There is a need for a better understanding of what people mean when they say “agritourism,” so farmers can realize the full economic benefit of this activity. The authors of this publication conducted a study to discover the preferences of farmers, local residents (visitors or potential visitors), and extension faculty in North Carolina and Missouri with regard to labels for and definitions of agritourism, and to determine where common ground lies among these groups.
This publication offers tips on marketing and selling, timber terminology, examples of timber sale agreements and advice on seeking professional help from a consulting forester. By using this guide, landowners can make their next (or first) timber sale a pleasant and profitable experience.
This guide provides techniques for small-scale outdoor cultivation of shiitake mushrooms on logs. Tree selection and log preparation, spawn selection, inoculation, fruiting, pest and disease management and harvesting are covered.
This lawns chapter from the Extension Gardener Handbook reviews installation and care of turfgrass as well as management strategies for turfgrass problems. This chapter also reviews options for turfgrass alternatives.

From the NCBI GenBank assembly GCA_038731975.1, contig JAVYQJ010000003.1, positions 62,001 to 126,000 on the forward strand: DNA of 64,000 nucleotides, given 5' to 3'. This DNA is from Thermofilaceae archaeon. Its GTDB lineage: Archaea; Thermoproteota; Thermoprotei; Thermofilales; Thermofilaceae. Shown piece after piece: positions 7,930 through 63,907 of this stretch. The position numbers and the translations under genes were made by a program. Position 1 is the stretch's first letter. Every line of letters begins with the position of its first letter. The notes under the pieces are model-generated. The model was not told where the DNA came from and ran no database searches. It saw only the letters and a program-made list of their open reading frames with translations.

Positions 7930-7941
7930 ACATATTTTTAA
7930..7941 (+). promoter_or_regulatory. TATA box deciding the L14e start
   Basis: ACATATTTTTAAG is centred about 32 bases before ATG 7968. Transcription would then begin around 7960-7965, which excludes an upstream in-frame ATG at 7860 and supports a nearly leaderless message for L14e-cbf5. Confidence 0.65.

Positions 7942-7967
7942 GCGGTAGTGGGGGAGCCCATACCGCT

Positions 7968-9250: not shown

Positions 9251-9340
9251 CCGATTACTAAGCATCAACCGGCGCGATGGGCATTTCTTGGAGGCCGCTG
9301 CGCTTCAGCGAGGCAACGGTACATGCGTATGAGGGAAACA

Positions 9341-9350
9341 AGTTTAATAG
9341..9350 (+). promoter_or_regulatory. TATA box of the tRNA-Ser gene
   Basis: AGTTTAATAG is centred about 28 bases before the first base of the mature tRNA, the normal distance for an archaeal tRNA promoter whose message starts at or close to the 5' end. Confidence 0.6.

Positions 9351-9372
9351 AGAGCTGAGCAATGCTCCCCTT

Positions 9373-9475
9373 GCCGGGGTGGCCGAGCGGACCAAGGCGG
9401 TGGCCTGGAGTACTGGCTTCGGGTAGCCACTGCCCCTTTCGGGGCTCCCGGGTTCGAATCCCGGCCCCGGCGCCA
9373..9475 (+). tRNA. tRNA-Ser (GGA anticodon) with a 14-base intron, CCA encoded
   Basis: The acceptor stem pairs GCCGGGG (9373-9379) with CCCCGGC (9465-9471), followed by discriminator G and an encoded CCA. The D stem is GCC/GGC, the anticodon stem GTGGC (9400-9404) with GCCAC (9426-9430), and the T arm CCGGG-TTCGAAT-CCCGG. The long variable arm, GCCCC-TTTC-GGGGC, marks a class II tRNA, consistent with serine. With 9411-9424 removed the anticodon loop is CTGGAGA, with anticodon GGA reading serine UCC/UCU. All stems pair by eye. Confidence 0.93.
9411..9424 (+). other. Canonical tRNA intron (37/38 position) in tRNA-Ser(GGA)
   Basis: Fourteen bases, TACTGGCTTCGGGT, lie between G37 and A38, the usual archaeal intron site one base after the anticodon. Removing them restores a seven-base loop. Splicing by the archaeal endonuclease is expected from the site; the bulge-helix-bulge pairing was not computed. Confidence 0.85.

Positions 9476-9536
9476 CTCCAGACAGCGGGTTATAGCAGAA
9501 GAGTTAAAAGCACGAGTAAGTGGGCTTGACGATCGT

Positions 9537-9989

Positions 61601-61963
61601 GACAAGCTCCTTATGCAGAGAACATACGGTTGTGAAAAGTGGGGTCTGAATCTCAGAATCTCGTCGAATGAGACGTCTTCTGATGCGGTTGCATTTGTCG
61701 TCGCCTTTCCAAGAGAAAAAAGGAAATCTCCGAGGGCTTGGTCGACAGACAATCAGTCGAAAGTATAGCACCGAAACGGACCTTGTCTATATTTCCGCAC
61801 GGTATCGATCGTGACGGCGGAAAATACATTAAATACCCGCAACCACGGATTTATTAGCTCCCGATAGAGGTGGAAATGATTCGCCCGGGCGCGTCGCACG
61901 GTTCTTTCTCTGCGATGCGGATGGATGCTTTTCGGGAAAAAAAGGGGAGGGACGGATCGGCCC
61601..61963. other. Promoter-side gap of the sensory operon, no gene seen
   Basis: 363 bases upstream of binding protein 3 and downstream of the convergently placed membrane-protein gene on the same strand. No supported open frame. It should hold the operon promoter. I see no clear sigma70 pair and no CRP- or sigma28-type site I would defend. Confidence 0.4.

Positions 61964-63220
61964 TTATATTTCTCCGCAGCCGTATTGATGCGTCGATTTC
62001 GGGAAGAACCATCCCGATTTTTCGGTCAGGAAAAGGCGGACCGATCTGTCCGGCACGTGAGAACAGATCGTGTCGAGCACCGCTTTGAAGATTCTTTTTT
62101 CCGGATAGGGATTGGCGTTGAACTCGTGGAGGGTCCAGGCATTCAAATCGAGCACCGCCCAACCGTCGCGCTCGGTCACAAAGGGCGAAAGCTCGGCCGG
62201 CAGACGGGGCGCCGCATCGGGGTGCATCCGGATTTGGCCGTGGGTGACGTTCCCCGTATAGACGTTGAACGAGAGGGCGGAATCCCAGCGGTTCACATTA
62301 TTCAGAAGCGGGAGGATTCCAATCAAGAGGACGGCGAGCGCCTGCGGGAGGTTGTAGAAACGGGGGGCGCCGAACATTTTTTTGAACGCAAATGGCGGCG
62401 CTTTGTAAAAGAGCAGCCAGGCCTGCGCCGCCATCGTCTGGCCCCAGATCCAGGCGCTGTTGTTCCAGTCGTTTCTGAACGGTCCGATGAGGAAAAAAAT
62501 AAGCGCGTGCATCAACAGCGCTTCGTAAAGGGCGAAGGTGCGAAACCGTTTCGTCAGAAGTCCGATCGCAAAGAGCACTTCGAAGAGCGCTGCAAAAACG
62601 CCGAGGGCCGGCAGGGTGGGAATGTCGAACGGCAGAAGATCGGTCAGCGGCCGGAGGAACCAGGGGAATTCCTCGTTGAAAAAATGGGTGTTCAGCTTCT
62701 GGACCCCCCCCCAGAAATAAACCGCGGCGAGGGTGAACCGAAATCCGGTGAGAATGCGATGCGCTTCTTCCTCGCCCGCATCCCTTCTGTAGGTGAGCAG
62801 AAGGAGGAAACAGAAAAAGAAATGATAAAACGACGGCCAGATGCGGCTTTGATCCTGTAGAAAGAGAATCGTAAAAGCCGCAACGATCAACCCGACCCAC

This publication covers the keys to a successful community garden of individual plots including forming a strong planning team, choosing a safe site accessible to the target audience with sunlight and water, organizing a simple transparent system for management and designing and installing the garden. Appendices offer a sample layout, sample by-laws, sample budgets and a list of resources.
This publication provides information to help the commercial grower increase crop production when growing blackberries in North Carolina.
This publication provides basic information on the nutrient needs of trees and shrubs, types of fertilizers to apply and recommended methods and times of application.
This publication explains how to plant and take care of fruit trees in the home garden or yard.
In central North Carolina almost any type of vegetable or fruit can be grown successfully provided you choose appropriate varieties and plant at the right time. This publication covers climate, season and potential pests that all affect the selection of what and when to plant. Also included is a planting chart and calendar.
This publication covers chemical weed control and weed response to a variety of crops.
This factsheet offers some information on the signs, symptoms, and treatment of coccidiosis, the most common cause of diarrhea in young goats.
This publication explains how to start and maintain a successful pecan orchard on a large or small scale.